Newsmax Media, the operator of a popular conservative website and a fledgling rival to Fox News, is asking federal regulators to delay the Sinclair Broadcast Group's offer to purchase the local television company Tribune Media. In a new filing with the Federal Communications Commission, Newsmax argued that the Sinclair-Tribune merger would be unprecedented and deserved additional government scrutiny.
"This current transaction overturns more than three decades of bipartisan consensus and rulemaking, as well as Congressional intent, while raising serious competitive concerns," the company wrote in a formal letter to the FCC.
"I think the Sinclair merger with Tribune raises very serious concerns about competition and media diversity," Newsmax CEO and founder Chris Ruddy told Broadcasting and Cable, a television industry website which first reported on his company's opposition to the deal.
"President Trump himself warned about the 'concentration of media power.' The Commission and public need sufficient opportunity to carefully review this precedent-setting deal," Ruddy continued.
With a revenue stream based on advertising, newsletter subscriptions, and dietary supplements, Newsmax expanded into cable television in the hopes of leveraging its dedicated fan base of elderly Americans. The site also offers a printed weekly news magazine.
Newsmax joined the American Cable Association, Dish Network, and the liberal group Public Knowledge in asking the FCC to give extra time to evaluating whether the merger should be permitted. Last April, the agency voted to restore an arcane rule which allowed media companies to claim a "discount" on stations that broadcast over UHF which had been removed during the Obama administration by Democratic members.
Getting the "UHF discount" back in place was something that Fox News chairman Rupert Murdoch had been seeking since it was removed. Murdoch's 21st Century Fox Inc. had also made a bid for Tribune but its offer price was too low for the local television company.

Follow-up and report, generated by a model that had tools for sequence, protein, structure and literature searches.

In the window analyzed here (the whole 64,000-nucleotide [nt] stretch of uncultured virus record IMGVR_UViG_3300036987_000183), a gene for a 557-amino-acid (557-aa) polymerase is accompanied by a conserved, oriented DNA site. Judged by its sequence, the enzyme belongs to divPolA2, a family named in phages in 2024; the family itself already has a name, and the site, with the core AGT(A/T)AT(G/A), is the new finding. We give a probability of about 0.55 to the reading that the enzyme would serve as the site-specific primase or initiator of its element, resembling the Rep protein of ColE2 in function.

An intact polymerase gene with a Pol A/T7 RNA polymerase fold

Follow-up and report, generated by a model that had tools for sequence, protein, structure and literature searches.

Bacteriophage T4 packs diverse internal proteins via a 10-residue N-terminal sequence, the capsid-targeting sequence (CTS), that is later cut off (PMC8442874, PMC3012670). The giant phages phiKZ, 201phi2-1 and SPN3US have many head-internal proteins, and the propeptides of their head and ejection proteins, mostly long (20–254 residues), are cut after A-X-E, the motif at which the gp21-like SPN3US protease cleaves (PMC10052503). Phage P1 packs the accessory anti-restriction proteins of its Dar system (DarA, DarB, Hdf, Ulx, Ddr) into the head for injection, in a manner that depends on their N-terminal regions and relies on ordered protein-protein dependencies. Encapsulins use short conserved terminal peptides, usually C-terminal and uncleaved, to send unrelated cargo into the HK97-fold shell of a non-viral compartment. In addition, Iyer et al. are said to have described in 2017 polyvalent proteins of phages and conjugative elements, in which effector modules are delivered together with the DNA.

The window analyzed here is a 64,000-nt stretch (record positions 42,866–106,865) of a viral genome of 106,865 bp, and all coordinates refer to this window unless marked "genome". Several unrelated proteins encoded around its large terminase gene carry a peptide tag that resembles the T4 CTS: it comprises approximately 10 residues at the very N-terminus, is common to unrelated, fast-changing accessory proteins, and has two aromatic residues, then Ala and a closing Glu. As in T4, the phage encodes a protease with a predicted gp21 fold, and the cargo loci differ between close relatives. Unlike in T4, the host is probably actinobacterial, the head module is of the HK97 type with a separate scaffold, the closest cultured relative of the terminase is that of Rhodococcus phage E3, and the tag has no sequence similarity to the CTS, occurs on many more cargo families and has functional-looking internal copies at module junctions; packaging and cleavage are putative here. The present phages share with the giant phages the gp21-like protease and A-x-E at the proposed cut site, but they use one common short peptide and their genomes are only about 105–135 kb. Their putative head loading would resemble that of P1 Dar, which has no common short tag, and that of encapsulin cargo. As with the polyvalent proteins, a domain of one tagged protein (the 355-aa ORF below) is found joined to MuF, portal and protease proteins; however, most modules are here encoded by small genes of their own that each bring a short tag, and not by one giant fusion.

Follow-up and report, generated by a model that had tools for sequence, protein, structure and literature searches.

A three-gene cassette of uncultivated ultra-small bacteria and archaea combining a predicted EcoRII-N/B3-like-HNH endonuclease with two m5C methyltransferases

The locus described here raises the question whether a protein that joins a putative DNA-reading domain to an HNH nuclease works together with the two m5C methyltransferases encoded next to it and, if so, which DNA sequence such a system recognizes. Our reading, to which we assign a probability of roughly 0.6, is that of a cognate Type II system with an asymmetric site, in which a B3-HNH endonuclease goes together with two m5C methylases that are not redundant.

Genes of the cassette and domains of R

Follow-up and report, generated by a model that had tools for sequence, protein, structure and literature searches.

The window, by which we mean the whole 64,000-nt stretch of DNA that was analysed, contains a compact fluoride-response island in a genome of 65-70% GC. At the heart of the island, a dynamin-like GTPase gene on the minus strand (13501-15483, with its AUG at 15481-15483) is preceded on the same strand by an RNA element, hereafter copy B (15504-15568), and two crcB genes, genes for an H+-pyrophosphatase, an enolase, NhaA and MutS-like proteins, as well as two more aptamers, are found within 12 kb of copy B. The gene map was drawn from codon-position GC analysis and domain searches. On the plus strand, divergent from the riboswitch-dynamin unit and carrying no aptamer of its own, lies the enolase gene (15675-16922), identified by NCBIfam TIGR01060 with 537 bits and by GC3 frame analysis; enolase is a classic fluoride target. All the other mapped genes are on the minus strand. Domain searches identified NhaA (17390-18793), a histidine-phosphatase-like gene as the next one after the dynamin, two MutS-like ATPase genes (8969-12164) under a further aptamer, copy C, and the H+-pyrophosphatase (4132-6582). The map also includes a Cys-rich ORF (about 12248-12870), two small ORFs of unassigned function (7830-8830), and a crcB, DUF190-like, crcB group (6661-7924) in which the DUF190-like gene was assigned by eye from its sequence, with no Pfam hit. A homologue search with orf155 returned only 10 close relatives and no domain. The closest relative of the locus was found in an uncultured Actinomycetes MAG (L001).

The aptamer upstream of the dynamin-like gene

The Sinclair Broadcast Group, a private company owned by the family of its founder Julian Sinclair Smith, has recently come under intense scrutiny from liberal activists who claim the station company is biased toward Republicans. All Sinclair stations are required to run commentary segments which feature two conservative commentators, one of whom, Boris Epshteyn, is a former adviser to President Donald Trump. The company does not feature any left-leaning commentators in a similar fashion.
Sinclair has denied allegations of bias, insisting that its coverage is fair. In an internal memo to company employees which Politico reporter Hadas Gold published last week, Vice President of News Scott Livingston said that the commentary segments are clearly labeled as such and do not come anywhere close to offsetting the amount of time Sinclair gives to the views of left-leaning commentators like Whoopi Goldberg, George Stephanopoulos, and Stephen Colbert.
"Mark and Boris’ commentaries provide a viewpoint that often gets lost in the typical national broadcast media dialogue," Livingston wrote. "Boris Epshtyen worked in the Trump White House, a fact that Sinclair makes no effort to hide, and provides a unique insight that viewers can’t find anywhere else. The presence of former administrative personnel serving as news commentators is a well accepted practice in journalism."
Currently, Sinclair owns over 170 local television stations across the country, broadcasting to about 40 percent of American households.
Tribune Media owns 39 local stations. It also owns the basic cable channel WGN which media observers have speculated could become the foundation of a Sinclair competitor to Fox News. The company also owns a large stake in the Food Network.